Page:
I love trains. When I was young, I frequently traveled by train to new cities with a group of good friends. To me, traveling by train means good times, laughter, new places, new adventures, and youth. A particular part of our brain called the orbitofrontal cortex (OFC) assigns reward value to our experiences. It brings together all our associations with a specific subject, integrates them, and assigns a value to that subject. To my OFC, the reward value of traveling by train is very high. Given a choice, I would always pick a train over a bus, car, or plane. However, if, at some point, I start traveling by ferry, for example, and have a fantastic experience doing so, my OFC will update my reward values and put ferry travel on top.
To change any habit, including addiction and anxiety habits, we need to get our OFC onboard. Judson Brewster, MD, Ph.D. in his book Unwinding Anxiety: New Science Shows How to Break the Cycles of Worry and Fear to Heal Your Mind, writes: “To change a behavior, you can’t just focus on the behavior itself. Instead, you have to address the felt experience of the rewards of that behavior. […] By paying attention to the results of behavior in the present moment, you can jolt your brain out of habit autopilot and see and feel exactly how rewarding (or unrewarding) the habit is for you right now. This new information resets the reward value on the old habit and moves better behaviors up in the hierarchy of reward value, and, eventually, into automatic mode.“ (1) For example, maybe you got into a habit of checking the news first thing in the morning and now find that doing so makes you feel stressed and anxious. To change that habit, you would need to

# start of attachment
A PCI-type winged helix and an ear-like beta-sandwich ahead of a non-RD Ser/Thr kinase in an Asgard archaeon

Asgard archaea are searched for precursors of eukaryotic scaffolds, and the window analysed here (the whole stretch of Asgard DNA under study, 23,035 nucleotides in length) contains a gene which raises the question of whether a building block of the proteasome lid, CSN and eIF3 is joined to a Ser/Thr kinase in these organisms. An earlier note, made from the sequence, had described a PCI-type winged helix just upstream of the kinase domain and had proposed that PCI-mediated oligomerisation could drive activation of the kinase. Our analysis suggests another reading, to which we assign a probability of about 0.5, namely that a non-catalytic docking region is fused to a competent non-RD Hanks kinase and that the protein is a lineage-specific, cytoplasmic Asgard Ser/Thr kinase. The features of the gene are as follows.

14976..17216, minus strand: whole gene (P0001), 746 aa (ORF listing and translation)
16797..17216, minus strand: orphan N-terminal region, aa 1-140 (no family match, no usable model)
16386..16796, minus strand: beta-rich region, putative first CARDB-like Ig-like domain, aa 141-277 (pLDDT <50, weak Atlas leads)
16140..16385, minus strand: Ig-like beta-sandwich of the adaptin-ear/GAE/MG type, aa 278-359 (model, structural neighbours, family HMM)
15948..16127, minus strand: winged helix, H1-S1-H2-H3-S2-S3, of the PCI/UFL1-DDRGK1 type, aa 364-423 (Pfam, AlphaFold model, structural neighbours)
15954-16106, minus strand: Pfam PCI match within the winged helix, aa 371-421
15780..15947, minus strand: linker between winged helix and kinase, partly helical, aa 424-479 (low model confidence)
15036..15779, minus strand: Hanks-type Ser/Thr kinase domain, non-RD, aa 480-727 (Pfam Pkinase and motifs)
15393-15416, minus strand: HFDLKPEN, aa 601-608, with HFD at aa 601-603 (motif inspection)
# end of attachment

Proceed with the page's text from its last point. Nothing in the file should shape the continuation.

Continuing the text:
- Pay attention to the sensations within your body after reading the news. Do you feel heaviness in your head? Do you have a sinking feeling in the pit of your stomach? Do you feel your chest tightening and breathing becoming shallow? Is that pleasant or unpleasant to you? We must register every aspect of the experience to highlight to our OFC precisely what we get after engaging in this particular behavior.
- Try a different behavior, for example, listening to an inspirational podcast or audiobook while making your breakfast.
- Pay close attention to how that new behavior feels within your body. What do you feel in your head, stomach, chest, and so on? Is that more pleasant? You can try other behaviors, as well, like going for a walk or doing a short breathing practice with the same extensive check-in at the end – how does this feel deep within your body?
- Pick a behavior that feels the best and engage in it regularly for a while, every time highlighting to your brain how it makes you feel. Over time, this behavior will become a bigger better offer (BBO) to your brain.
Judd Brewster recommends finding BBO (or a substitute behavior) that, “because it is bigger and better, becomes a preferred behavior to your old habit. Due to its greater reward value, that BBO helps you step out of your old habit loop time after time at the beginning, and then once it gets grooved, turns into a new go-to for your brain (that is to say, a new habit).” (1)
This works in ways big and small, from our snap reactions during a heated argument to deeply ingrained patterns of actions and behavior. But it is only possible if we can get into a habit of immediately dropping into the body after engaging in problematic behaviors and assessing their impact on our inner state. This is an invaluable skill to cultivate, and you can practice it at any time. Got caught binge-watching the latest Netflix series? Close your eyes for a moment, drop into your body and assess how spending all this time in front of the screen feels. Can’t stop shopping, arguing, scrolling, procrastinating, worrying, eating, drinking, smoking, etc.? Close your eyes, drop into your body, and watch very closely how the body responds to your behavior. Is it truly rewarding, or is there a bigger better offer waiting to be discovered?